On TikTok, you can post 6 to 15 second videos with music or audio in the background. The rest is left to your creativity, trends and machine learning. It doesn’t sound like much at first, but it seems like they did figure out something others didn’t. Let’s break the 4 main drivers down behind TikTok: video and sound, teenagers, AI and pop culture.
This doesn’t seem particularly groundbreaking, right? There’s YouTube, Snapchat, Instagram Stories and hey, we even used to have Vine — and look how that one ended. For a while now, we’ve been repeating that video performs best on social. On TikTok, it’s the only way of expressing yourself, it’s vertical, it’s 100% mobile-proof. The latter is something that Facebook, for example, is working hard to become, being originally a desktop application. TikTok’s participation threshold is also very low: unlike on YouTube, content doesn’t need to be of ‘professional’ or high quality. Creativity and sense of humor are more important, as they trigger participation and contribution. Engagement wins over passive consumption of content.
And then, there’s music. In the last few years, we’ve been figuring out how to make sure that our Facebook and Instagram posts are less sound-dependent. Because eventually, it’s the (still) image that matters most on those platforms. On TikTok, sound is the main driver of stories. And it’s not even about what people are saying; most of the videos posted contain snippets of songs that serve as a basis for each idea. From lip-synching, choreography routines, situational and tactical jokes, absurd humour, to tiny slices of everyday life. TikTok feels like an algorithm-driven hybrid of Instagram stories, Vine and… Spotify. Thanks to this formula, TikTok’s content can easily spread globally, because it’s not limited by linguistic borders. That’s probably one of the reasons why it has grown so fast.
Music is not only an international language of entertainment; it’s also a catalyst for emotions and experiences. This is particularly relevant at the coming-of-age period of your life. Because whether you’d like to admit it or not, music means a lot in your adolescence. Even years later, it can still strike a nostalgic chord. Early Arctic Monkeys, anyone?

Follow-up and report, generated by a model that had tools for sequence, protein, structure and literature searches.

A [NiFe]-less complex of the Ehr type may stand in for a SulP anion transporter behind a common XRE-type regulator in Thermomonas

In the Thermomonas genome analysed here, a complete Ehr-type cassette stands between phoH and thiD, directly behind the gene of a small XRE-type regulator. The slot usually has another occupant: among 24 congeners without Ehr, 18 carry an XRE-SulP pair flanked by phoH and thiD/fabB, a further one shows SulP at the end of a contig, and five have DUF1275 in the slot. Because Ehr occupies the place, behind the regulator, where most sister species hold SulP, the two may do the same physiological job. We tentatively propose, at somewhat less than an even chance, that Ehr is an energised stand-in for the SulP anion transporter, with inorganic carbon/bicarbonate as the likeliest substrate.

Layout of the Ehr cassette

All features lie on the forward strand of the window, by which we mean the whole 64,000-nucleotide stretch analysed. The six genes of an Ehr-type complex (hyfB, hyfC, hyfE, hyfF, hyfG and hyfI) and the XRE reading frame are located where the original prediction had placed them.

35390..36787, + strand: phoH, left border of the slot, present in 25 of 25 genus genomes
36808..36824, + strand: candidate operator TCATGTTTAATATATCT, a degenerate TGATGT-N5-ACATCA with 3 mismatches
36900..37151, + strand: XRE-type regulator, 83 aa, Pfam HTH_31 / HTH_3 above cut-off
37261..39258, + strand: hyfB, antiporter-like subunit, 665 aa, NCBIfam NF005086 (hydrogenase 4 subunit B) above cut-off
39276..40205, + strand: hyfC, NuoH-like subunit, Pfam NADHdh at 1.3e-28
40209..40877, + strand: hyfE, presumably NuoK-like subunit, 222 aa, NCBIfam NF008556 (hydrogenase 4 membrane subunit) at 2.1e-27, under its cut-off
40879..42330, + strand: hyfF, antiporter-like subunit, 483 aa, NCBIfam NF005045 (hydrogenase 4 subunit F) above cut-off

Teenagers and young adults are usually the early adopters of digital trends, and it’s no different in this case. Teens are a big asset for TikTok, since this group has a strong tendency to both set and emulate trends. When you think about it, that’s exactly what keeps this app running.
The need for belonging and acceptance is something characteristic of teenagers. They fulfil it, among others, by emulating trends and following chosen role models. This need for “sameness”, however, coincides with something completely at odds with it— the need to individualize. This ultimate paradox of youth is actually something that TikTok is channeling perfectly: one day you’re riding the wave of hype (your individual interpretation of it), tomorrow you come up with something for others to follow.
That being said, the point is not that older users should be discouraged from joining the platform, they’re doing it already. Assuming that TikTok’s users number has already exceeded 1 billion globally, rather than early adopters, adults would classify as followers. Most probably they will have their own input that will further shape and diversify the platform.
…and so does Facebook, Instagram, Twitter, YouTube… yet, your content can go viral on TikTok even when you post it for the first time, with zero followers. How’s that possible?
Algorithms behind the mainstream social networks are tailoring content proposals based on the recipient’s behavior. For example, Twitter explains: “Top Tweets are ones you are likely to care about most, and we choose them based on accounts you interact with most, Tweets you engage with, and much more.“ From the content creator’s perspective, their popularity is highly dependent on the existing community. On top of that, building a community is time consuming and efforts may not always pay off.